The Sheffield band have taken a risk, a great big leap away from the sound their fans have known.
And the reward is a stunning record that they'll unleash tomorrow.
From dark, atmospheric electronica to heavy riffs, beatboxing, the moodiest of collaborations with Grimes and an upbeat, heartfelt love song, it's eclectic in the extreme.
But nothing really feels out of place.
The big, sweeping sound of some of their recent anthems is still in there, it's just been reworked, cut up and packaged in a completely new way.
This has the feel of a Fat of the Land, when Prodigy managed to meld dance and rock in a seamless way that took them to new heights.
Tense opener, I Apologise if You Feel Something, with its distorted vocals, is a taste of what's to come.
MANTRA might be the closest thing to previous material on the entire album, a reminder that this is still Oli Sykes and co.
Nihilist Blues, featuring Grimes, is what the vampires in Wesley Snipes' Blade would be raving to in a modern day remake.
Not only is it the album's highlight, it could well be Bring Me the Horizon's first club banger.
In the Dark grooves along, with the track's only real menace generated by the lyrics.
Wonderful Life sounds like a Limp Bizkit track, because it very nearly was one. Sykes and Jordan Fish wrote the riff for the nu-metal giants, but it wasn't used. Waste not, want not, they took it back and made it a bouncy singalong epic about mundane everyday living. If you needed a moment of light relief during the record, this was it.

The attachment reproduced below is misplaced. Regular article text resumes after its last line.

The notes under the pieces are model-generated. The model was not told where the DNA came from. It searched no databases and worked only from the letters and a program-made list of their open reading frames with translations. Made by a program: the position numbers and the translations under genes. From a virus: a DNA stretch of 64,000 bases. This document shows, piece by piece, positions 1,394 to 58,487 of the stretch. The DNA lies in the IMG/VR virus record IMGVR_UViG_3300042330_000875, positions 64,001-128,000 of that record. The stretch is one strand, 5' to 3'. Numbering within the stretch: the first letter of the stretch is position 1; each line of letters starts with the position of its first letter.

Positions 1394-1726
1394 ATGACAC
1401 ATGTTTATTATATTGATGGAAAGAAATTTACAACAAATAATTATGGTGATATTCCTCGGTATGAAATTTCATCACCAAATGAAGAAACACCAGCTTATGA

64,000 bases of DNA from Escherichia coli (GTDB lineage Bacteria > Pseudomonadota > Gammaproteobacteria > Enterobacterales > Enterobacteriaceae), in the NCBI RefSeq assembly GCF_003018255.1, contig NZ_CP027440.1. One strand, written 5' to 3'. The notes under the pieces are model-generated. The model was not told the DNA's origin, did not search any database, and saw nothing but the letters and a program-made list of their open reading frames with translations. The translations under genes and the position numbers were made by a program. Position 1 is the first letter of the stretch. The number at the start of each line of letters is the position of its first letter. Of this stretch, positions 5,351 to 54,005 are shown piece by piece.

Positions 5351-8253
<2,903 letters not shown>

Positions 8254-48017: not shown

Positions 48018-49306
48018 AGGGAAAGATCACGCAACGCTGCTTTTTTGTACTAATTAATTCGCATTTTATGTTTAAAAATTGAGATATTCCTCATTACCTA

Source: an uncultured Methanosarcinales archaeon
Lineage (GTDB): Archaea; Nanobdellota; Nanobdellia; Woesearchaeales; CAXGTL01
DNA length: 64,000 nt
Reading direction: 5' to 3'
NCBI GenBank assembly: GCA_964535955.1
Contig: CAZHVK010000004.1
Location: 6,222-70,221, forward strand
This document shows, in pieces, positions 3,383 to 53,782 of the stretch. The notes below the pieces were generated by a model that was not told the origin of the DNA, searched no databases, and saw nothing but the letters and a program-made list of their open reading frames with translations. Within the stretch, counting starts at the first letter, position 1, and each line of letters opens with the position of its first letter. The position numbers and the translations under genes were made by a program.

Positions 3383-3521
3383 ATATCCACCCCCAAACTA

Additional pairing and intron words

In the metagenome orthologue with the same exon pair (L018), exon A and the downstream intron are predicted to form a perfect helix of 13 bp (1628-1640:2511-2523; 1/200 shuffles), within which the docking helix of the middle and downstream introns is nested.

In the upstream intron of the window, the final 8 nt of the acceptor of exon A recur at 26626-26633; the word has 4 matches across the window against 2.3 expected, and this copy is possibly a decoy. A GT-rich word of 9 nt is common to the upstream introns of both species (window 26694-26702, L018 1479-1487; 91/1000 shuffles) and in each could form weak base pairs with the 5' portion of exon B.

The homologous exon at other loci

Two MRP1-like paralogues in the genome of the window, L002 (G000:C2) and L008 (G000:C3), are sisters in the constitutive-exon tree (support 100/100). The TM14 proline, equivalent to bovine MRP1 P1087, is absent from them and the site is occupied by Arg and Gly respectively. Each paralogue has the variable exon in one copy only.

Ouch is an interlude with teeth. The piano and skittering beats are a foil for the raw pain in Sykes' lyrics.
Medicine is another salvo at someone from the singer's past. Sure it's poppy, but it's super catchy and you just know it'll sound huge live.
If the radio-friendly sound came as a shock to long-time fans, spare a thought for those hooked for the first time by this particular hit - picture them stumbling across the old deathcore stuff.
Sugar, Honey, Ice & Tea stomps along until the big chorus, with a heavy riff and falsetto singing.
Why You Gotta Kick Me When I'm Down could almost be grime. Sykes raps and there's a kids' choir, obviously.
His anger simmers, with staccato outbursts punctuating a tense soundscape, before a brief snippet of trance. It's weird, it works.
Electronic interlude Fresh Bruises takes an old track and brings it back in a completely different way.
After years of singing along to songs of Sykes' despair and angst, it's genuinely lovely to hear him happy in Mother Tongue.
An ode to his lover, it's uplifting and maybe even sugary but it's reassuring that he can still create in the good times.
Heavy Metal, featuring beatboxer Rahzel, is a cheeky, irony-rich wave to the fans who ditched the band over their evolving sound and who might even like the closing moments of the track.
The closing note is an emotional one, a tribute to a late friend, with strings that hark back to their Royal Albert Hall orchestral show, proving once again there's no fear of experimentation.
Amo was love at first listen for me but it won't be for everyone. Such a broad spectrum of sounds means should be something in there, however fleeting, to please most tastes.
It might alienate a few fans, but it will gain even more.
This album, that begins with an apology, feels entirely unapologetic.
Crucially, it's the album they wanted to write - anything else, anything less could have had dire consequences for the band's future.
Armed with Amo, Bring Me the Horizon deservedly remain on an upward trajectory 15 years and six albums on